rhombencephalitis

rhombencephalitis

Brainstem encephalitis Neurology An infection of the brain corresponding to the rhombencephalon Grade I–generalized myoclinic jerks with tremor and/or ataxia Grade II–myoclonus with cranial nerve involvement–eg, ocular disturbance–nystagus, strabismus, or gaze paresis or bulbar palsy Grade III–transient myoclonus followed by rapid onset of respiratory distress, cyanosis, poor peripheral perfusion, shock, coma, loss of doll's eye reflex, and apnea

rhombencephalitis

, rhomboencephalitis (rŏmb′ĕn-sĕf-ă-lī′tĭs) (rŏm′bō-ĕn-sĕf-ă-lī′tĭs)
Brainstem infection, a disease that is most often caused by the bacterium Listeria moncytogenes or by West Nile virus, Nipah viruses, or enteroviruses. The infection is often characterized by symptoms such as fever, malaise, headache, nausea, vomiting, altered mental status, ataxia, and strokelike impairment of cranial nerves.
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Eighth nerve herpetic neuritis and contra lateral rhombencephalitis and mesencephalitis on contrast enhanced MR imaging.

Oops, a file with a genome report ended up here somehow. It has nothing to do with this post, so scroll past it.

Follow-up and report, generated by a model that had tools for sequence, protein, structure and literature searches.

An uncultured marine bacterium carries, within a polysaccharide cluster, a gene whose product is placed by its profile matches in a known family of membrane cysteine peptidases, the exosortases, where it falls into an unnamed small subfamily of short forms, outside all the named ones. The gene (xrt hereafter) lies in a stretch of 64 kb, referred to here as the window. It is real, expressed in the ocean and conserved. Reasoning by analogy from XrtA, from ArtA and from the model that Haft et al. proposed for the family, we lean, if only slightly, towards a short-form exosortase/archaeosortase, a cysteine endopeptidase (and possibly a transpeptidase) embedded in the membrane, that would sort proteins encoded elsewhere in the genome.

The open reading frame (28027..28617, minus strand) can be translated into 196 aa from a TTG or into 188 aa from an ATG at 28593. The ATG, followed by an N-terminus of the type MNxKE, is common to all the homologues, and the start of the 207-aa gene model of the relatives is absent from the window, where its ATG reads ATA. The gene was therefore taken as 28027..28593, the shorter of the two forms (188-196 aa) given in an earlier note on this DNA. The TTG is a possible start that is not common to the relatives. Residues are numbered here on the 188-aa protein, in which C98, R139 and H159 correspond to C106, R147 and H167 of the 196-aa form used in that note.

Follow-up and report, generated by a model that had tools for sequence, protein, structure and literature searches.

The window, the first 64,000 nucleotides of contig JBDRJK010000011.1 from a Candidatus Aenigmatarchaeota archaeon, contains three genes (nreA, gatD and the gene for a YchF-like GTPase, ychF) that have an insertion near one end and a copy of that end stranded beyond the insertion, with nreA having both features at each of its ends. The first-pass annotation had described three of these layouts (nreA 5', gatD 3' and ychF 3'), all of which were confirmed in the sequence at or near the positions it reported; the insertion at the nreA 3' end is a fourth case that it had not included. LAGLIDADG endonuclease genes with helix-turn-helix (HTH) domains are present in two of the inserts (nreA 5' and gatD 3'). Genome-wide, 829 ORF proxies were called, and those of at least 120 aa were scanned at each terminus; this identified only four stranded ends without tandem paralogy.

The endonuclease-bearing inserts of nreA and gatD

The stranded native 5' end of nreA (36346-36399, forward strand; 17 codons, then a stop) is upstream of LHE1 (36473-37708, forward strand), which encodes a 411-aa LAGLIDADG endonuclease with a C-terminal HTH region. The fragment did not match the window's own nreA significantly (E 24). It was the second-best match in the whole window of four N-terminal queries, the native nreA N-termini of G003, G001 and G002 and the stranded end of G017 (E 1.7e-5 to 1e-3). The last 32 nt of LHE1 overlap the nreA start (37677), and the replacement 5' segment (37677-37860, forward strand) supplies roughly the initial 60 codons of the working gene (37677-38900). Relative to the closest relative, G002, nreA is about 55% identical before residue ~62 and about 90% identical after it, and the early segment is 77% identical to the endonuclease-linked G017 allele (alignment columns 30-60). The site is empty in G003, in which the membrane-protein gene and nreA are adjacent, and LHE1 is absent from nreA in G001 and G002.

The distribution of E-cadherin expression in listeric rhombencephalitis of ruminants indicates its involvement in Listeria monocytogenes neuroinvasion.
Rhombencephalitis caused by Listeria monocytogenes with striking involvement of trigeminal nerve on MR imaging.
Rhombencephalitis caused by Listeria monocytogenes in humans and ruminants: a zoonosis on the rise?
1) A distinctive form of rhombencephalitis also exists, manifesting as asymmetric cranial nerve palsies, hemiparesis, and coma.
Recent examples are the emergence of enterovirus A71 (EV-A71), which was responsible for large hand, foot and mouth disease (HFMD) outbreaks associated with rare but severe rhombencephalitis in Asia, and an EV-D68 epidemic associated with severe respiratory infections (1,2).
In France, during 2000-2009, a total of 81 hospitalized patients with EV-17 infection were reported by the sentinel surveillance system, including 2 child deaths, 1 due to proven rhombencephalitis (3,4).
This report describes a fatal case of acute pulmonary edema with rhombencephalitis that occurred within the course of an EV71 infection in France.
Signs and symptoms of rhombencephalitis are irritability, myoclonus, ataxia, and cranial nerve involvement (1).
In children, the CNS complications associated with EV71 manifest clinically in various ways, such as aseptic meningitis, acute flaccid paralysis, and rhombencephalitis; rhombencephalitis is one of the most common severe neurologic symptoms (2).